Wednesday, June 15, 2011

Arethusa Bulbosa

Having photographed all but one of Indiana's 41 native orchid taxa with known populations I have moved on to locating and photographing six others thought to be extirpated from the state, but still present in surrounding states.

Arethusa bulbosa
has been high on my list of most wanted species. The last known plant in Indiana was photographed in a bog in Kosciusko County in 1983, and was not found subsequently. Prior to that it had been 50 years since the last sighting. (Homoya 1993).

I recently learned of a sphagnum bog less than a three hour drive into Michigan where this species can still be located, and on short notice, following a tip that it was in bloom, my wife, Nila, and I headed there early one morning a few days ago.

We found five plants along a short stretch of boardwalk leading out into the bog. One stem was bent at the base and was resting on the ground, and one had a drooping sepal hanging askew. Another was growing directly beneath a very small tamarack tree (Larix laricina) and offered no place to position a tripod. From the remaining two I chose the one that was about five feet from the boardwalk and pretty much in an open setting.

I was surprised at how small the orchids were--no more than six inches tall. This meant that my camera needed to be very close to the ground and about 12 inches away from the flower. I carefully stepped off the boardwalk onto the sphagnum moss hoping not to leave indelible footprints in this very fragile habitat, and wondering with each advancing step, against all reason, if I was going to break through the sphagnum mat into deep water.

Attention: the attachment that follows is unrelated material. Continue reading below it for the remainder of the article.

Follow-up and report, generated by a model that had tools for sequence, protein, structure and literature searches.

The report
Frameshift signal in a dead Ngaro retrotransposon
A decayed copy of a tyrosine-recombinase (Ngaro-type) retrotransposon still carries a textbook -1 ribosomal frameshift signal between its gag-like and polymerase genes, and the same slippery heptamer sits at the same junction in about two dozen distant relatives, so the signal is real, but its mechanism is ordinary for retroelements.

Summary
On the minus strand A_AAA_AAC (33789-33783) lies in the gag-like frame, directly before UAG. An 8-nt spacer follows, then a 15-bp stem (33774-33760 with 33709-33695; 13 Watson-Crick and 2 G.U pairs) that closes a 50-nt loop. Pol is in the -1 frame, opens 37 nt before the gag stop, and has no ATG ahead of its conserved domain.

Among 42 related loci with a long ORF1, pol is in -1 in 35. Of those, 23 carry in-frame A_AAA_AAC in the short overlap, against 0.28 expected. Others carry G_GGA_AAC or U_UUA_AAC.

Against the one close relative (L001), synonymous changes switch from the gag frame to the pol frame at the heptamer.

Luckily I had purchased a right angle finder the week before which, when attached to the camera's viewfinder allowed me to focus and frame the orchid without having to lie flat on the ground. Even so, the footing was very tenuous and I ended up with far fewer photos than I normally take.

Surprisingly, the sphagnum moss recovered quickly. There was no sign of my footprints when I left, although my boots had been submerged in about four inches of water while I was working.

The photo below shows the dragon's mouth (Arethusa bulbosa) with its bog associates, sphagnum moss (Sphagnum spp.), the insectivorous pitcher plant ( Sarracenia purpurea ssp.purpurea), and large cranberry ( Vaccinium macrocarpon).

Homoya, Michael A. 1993, Orchids of Indiana. Bloomington: Indiana University Press


Andrew Lane Gibson said...

Great post! I spent several hours yesterday trudging around a northeastern Ohio bog which is the last remaining location for the Arethusa in our state. I didn't have any luck, perhaps I was too late this year or I just didn't notice it amongst the taller, more dense vegetation.

Pete said...

Thanks A.L.,
Bog trotting is not easy is it? I hope it reappears for you next year.

Keith Board said...

Very nice Pete! The bottom photo is the very best I've ever seen of Arethusa. I hope to see this stunning plant someday.

Pete said...

Thanks Keith,

Wouldn't it be nice to find it in Indiana after a 30 year absence?